I had to embrace and accept the feeling of gaining weight, something women are accustomed and conditioned to avoid at all costs. I had to go out for meals, without checking the menu online first to make sure there was a "safe" option. I had to eat “difficult” dishes at restaurants, like plates of pasta, noodles, hamburgers. As my heart made its way into my mouth, I’d stare at my plate and will myself to keep going. My boyfriend would put his hand on mine and tell me how proud he was of me.

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But every day, every week, and every month, the challenges that once seemed impossible got easier. There were setbacks along the way, I won’t deny that. There were days when I wanted to revert to my old ways, my comfort zone. Restriction was what I knew. And some days, I slipped back into bad habits. But eventually, I’d come back. I remembered what that hunger felt like. And how disgusted I was with the manipulative, deceptive, aggressive person I’d become.

I’ve been in ‘active’ recovery for four years now. In that time, my relationship with food, exercise and my body has completely transformed. Sometimes, when I think back to that teenager -- who couldn’t make it through a meal without crying -- I’m astounded by how much has changed.

Me last year in North Queensland, three years into my recovery. (Image: Supplied)

When I was at my worst, I believed a life of deprivation, restriction, pain and deception would be my reality forever. Never in my wildest dreams did I think I’d be able eat three full meals again, let alone do it without feeling guilt so extreme I wanted to be sick. Never did I think it would be possible for me to find exercise enjoyable again, to not think about calories being burned or the pain I was in. I find so much pleasure in moving my body these days -- it’s freedom I feel grateful for.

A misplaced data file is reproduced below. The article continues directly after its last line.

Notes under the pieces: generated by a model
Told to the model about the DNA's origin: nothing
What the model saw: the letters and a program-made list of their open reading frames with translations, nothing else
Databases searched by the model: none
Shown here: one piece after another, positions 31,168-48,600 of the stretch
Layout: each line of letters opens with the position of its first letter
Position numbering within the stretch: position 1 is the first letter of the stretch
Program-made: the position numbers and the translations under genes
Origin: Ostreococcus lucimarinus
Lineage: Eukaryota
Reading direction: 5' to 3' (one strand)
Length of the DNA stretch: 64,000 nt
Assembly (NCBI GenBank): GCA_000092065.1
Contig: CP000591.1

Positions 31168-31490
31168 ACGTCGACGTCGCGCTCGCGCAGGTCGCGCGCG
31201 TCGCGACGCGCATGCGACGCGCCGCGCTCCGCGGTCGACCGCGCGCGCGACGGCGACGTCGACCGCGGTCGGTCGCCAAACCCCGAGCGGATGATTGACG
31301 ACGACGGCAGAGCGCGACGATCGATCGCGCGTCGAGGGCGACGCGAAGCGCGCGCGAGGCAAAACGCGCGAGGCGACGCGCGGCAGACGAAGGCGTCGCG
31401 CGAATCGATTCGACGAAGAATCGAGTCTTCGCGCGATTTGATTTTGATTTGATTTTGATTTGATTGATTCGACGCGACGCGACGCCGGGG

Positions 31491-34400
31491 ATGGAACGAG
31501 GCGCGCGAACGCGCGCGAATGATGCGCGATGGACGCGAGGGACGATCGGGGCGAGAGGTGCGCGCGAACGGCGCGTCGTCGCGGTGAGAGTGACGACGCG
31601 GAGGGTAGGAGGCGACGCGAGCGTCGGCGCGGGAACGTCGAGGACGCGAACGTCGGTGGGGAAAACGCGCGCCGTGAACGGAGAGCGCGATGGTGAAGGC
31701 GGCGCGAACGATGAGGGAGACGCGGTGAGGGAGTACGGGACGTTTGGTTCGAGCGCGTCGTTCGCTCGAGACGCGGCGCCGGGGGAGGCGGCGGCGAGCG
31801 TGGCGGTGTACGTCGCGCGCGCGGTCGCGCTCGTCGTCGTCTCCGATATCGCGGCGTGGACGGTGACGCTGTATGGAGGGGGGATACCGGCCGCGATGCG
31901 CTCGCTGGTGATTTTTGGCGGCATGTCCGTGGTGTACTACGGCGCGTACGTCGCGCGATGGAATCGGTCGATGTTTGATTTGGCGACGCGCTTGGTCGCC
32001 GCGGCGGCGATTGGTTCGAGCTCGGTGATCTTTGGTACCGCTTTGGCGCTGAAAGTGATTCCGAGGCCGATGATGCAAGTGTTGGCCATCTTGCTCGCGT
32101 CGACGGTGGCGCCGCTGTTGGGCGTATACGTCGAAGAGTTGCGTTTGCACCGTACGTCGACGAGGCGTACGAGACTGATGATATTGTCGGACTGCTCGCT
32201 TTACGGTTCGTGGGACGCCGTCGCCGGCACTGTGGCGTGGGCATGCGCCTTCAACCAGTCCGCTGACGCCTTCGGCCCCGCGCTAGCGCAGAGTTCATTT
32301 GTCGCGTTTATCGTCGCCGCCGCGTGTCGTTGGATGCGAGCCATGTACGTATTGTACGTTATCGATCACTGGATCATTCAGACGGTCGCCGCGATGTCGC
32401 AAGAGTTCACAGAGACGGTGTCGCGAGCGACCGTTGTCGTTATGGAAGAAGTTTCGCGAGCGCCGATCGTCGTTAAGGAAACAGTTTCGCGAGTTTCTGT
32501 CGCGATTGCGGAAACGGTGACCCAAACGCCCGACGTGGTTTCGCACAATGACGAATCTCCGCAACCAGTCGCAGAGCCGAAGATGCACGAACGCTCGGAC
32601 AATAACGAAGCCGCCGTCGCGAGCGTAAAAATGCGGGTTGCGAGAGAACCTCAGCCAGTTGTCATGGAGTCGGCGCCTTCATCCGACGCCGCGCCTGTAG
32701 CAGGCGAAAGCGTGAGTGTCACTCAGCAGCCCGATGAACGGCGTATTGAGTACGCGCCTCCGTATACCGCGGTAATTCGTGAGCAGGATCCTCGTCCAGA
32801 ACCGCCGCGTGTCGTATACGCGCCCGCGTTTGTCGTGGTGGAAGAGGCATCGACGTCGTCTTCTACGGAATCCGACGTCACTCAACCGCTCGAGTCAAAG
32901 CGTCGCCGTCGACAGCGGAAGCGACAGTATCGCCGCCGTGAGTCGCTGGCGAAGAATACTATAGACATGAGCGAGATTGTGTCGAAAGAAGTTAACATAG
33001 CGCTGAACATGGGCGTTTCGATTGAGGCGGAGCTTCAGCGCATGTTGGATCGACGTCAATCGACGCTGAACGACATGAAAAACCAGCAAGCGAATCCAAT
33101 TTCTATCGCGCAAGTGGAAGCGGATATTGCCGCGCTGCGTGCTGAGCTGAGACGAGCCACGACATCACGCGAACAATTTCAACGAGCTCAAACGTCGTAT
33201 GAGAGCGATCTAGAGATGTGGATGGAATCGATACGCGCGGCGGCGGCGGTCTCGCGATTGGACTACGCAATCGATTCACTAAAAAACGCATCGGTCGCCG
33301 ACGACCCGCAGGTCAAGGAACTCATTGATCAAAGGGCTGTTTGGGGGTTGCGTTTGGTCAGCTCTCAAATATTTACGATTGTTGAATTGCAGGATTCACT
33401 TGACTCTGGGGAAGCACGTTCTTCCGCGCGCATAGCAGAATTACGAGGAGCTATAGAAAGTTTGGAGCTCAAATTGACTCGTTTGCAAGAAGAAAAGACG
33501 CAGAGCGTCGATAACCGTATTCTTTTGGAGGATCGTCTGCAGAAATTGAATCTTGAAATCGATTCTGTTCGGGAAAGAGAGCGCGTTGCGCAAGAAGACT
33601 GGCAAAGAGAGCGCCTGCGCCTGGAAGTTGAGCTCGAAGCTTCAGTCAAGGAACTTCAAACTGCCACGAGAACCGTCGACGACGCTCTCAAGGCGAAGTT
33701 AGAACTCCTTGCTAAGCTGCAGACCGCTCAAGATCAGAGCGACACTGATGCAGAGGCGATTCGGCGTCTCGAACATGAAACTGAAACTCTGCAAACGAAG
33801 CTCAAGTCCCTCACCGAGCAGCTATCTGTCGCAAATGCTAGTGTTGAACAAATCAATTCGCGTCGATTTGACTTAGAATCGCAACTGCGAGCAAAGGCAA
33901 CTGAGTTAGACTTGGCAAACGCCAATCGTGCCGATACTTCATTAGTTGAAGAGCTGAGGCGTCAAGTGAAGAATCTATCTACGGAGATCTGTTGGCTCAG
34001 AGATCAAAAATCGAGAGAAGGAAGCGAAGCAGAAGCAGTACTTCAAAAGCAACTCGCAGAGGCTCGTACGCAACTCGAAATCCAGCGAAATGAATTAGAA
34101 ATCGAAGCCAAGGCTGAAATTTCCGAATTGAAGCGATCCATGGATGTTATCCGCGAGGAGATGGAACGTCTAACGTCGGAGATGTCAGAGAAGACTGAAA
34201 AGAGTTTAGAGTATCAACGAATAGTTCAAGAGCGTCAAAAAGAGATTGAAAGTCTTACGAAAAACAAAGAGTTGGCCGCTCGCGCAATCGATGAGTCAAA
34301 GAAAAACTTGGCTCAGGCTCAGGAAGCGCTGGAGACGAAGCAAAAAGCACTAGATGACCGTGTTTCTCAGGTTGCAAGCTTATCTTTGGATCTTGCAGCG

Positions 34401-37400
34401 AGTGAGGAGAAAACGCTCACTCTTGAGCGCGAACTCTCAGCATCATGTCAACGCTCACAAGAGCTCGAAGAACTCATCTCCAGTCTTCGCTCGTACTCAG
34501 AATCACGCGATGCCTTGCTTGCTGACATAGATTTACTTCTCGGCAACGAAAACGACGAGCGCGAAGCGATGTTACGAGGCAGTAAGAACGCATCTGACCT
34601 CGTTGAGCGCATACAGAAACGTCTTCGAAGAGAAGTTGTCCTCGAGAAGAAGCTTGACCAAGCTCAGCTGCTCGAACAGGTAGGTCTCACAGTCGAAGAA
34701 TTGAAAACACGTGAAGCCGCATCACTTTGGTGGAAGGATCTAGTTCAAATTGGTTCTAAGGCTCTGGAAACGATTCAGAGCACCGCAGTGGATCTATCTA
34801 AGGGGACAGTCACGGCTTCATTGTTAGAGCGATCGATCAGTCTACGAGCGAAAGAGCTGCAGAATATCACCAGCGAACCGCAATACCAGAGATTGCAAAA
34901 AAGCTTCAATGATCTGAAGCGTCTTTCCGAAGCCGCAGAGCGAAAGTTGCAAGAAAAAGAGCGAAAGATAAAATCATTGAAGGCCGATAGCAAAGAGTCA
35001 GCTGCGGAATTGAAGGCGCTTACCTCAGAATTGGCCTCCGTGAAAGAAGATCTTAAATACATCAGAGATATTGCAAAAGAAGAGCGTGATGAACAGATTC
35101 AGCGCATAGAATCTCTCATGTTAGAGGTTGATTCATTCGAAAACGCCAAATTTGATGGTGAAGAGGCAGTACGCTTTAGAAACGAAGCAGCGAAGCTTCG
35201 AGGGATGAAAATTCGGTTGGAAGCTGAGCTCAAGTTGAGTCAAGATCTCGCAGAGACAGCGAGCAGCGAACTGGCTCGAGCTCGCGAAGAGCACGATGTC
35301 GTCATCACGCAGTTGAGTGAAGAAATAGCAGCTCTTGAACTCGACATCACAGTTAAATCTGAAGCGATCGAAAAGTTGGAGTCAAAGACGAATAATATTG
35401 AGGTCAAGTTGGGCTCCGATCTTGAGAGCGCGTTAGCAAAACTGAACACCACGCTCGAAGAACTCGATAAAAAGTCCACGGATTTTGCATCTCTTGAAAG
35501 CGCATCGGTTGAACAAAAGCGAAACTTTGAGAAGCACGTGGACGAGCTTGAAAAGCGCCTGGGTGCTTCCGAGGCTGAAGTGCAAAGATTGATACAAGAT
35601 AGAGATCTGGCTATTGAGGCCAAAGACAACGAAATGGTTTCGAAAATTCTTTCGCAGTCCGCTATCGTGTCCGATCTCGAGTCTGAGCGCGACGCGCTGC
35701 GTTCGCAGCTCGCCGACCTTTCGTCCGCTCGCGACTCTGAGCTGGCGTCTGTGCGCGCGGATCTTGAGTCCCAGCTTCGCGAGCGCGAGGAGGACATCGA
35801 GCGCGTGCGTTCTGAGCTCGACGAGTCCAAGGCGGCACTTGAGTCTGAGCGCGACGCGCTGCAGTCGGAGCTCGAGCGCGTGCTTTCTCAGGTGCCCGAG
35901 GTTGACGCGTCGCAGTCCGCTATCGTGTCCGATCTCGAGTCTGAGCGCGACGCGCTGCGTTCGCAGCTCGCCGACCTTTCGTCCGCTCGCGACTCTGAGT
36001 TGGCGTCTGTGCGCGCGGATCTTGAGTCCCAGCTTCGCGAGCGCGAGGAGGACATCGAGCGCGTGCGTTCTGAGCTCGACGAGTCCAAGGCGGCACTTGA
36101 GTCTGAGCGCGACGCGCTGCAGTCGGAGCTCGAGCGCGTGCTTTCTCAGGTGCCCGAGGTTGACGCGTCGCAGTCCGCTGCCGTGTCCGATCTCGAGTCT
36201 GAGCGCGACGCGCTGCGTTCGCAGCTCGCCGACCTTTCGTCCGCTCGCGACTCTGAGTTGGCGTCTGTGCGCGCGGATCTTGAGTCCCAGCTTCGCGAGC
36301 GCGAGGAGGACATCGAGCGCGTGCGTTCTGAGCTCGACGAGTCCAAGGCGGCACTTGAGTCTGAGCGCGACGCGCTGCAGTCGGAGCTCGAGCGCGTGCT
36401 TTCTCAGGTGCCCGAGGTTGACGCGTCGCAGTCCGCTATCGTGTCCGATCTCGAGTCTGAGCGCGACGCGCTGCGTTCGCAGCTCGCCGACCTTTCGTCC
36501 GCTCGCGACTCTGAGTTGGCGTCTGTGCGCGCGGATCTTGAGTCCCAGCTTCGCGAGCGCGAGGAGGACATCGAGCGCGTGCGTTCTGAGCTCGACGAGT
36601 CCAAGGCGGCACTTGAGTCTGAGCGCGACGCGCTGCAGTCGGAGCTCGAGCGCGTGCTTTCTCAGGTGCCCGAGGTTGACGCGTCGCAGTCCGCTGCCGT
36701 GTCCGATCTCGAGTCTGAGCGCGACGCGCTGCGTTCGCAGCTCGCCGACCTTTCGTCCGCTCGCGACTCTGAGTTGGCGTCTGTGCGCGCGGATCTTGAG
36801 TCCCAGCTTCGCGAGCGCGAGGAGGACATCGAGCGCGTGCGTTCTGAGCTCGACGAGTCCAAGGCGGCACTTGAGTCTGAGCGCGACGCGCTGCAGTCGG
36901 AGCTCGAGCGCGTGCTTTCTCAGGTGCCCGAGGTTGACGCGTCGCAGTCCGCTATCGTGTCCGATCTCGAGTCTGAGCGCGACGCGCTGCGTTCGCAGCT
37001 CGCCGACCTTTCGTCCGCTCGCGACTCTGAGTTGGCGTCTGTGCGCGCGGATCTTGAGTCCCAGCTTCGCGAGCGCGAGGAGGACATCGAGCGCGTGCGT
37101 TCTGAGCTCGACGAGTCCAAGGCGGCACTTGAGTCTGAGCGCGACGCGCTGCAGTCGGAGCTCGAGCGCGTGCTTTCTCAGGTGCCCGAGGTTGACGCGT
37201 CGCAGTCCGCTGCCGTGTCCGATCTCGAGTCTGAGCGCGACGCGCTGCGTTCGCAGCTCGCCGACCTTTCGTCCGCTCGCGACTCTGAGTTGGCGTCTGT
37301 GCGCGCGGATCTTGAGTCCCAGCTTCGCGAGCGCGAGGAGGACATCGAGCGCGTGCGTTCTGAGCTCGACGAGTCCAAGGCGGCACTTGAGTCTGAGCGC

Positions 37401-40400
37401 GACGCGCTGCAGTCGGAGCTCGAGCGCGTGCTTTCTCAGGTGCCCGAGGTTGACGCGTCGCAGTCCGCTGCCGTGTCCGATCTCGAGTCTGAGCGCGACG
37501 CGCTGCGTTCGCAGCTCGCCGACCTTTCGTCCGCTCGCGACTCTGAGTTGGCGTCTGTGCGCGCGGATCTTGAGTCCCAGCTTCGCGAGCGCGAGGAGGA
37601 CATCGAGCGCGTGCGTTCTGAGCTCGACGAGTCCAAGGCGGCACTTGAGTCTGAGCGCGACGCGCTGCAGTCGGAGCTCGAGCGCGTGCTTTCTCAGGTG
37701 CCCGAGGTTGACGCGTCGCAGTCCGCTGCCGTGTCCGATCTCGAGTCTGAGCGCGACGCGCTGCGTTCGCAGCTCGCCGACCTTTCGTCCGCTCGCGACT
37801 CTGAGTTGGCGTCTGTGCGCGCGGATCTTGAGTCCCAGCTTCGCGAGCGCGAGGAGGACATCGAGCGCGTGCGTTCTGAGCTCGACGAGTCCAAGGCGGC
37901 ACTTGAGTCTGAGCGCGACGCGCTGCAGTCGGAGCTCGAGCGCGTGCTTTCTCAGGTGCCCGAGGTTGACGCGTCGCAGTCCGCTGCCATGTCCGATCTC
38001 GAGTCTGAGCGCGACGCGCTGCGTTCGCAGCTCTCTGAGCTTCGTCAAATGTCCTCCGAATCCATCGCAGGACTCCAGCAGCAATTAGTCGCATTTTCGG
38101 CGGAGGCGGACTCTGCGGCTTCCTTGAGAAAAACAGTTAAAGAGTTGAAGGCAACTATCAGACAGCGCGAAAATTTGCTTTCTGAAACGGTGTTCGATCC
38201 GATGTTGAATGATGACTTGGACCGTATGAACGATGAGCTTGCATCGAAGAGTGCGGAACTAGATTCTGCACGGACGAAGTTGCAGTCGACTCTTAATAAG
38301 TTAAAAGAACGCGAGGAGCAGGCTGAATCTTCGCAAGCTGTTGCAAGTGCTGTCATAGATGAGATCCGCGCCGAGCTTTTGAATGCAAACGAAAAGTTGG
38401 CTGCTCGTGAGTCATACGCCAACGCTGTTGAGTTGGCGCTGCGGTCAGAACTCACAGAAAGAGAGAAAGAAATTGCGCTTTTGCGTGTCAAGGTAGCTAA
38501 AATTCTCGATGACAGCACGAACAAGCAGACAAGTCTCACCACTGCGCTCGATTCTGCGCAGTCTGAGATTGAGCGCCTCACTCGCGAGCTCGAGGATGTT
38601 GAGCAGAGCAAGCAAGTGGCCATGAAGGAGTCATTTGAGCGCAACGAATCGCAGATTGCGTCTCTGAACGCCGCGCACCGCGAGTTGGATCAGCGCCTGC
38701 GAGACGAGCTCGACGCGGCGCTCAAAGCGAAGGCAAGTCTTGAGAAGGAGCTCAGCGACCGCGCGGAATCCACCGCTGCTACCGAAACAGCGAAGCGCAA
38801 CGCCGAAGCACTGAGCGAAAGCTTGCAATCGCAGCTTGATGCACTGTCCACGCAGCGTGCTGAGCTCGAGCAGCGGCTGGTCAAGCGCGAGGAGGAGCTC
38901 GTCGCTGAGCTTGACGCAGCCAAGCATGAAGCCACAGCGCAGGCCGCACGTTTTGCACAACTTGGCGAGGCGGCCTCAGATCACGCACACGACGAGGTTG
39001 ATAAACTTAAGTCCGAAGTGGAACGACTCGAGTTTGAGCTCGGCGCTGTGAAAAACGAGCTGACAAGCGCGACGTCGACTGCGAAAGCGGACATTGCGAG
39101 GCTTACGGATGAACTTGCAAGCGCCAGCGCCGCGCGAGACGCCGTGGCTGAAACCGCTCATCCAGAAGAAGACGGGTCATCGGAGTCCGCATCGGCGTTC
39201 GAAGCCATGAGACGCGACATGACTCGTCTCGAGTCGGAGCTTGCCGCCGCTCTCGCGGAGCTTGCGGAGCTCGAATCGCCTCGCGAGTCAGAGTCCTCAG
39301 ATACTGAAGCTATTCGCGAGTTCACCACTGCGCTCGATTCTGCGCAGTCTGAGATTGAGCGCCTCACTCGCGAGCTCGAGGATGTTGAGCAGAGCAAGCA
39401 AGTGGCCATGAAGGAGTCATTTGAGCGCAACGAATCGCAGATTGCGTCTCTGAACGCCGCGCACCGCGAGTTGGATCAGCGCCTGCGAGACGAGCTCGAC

When I was in the depths of anorexia, never did I think I would be able to:

  • Eat without feeling panic
  • Eat cake for a friend’s birthday
  • Eat cake for my birthday
  • Order what I wanted off the menu
  • Look at my body and genuinely not care what it looked like
  • Look at the scales and not care about the number
  • Go for days, weeks, months, years without weighing myself
  • Gain weight and not care
  • Feel beautiful again
  • Experience real, unencumbered joy
  • Find someone who really loved me, for me

I thought recovery was something that would never be possible for me. I believed, wholeheartedly, that anorexia would always be a part of my life and recovery happened to other people.

And this is me today! (Image: Supplied)

But with some support, professional help, love, and dedication, I’ve been able to do things I never imagined would be possible.

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I can eat the cake -- except I’m still not a big fan of fruit cake (don’t email me).

I can do the exercise -- except I really don’t like running.

And I can live without a constant swelling of fear in my belly.

It’s liberating. It’s possible.

If you need help in a crisis, call Lifeline on 13 11 14. For further information about eating disorders contact Butterfly Foundation on 1800334673, or talk to your GP, local health professional or someone you trust.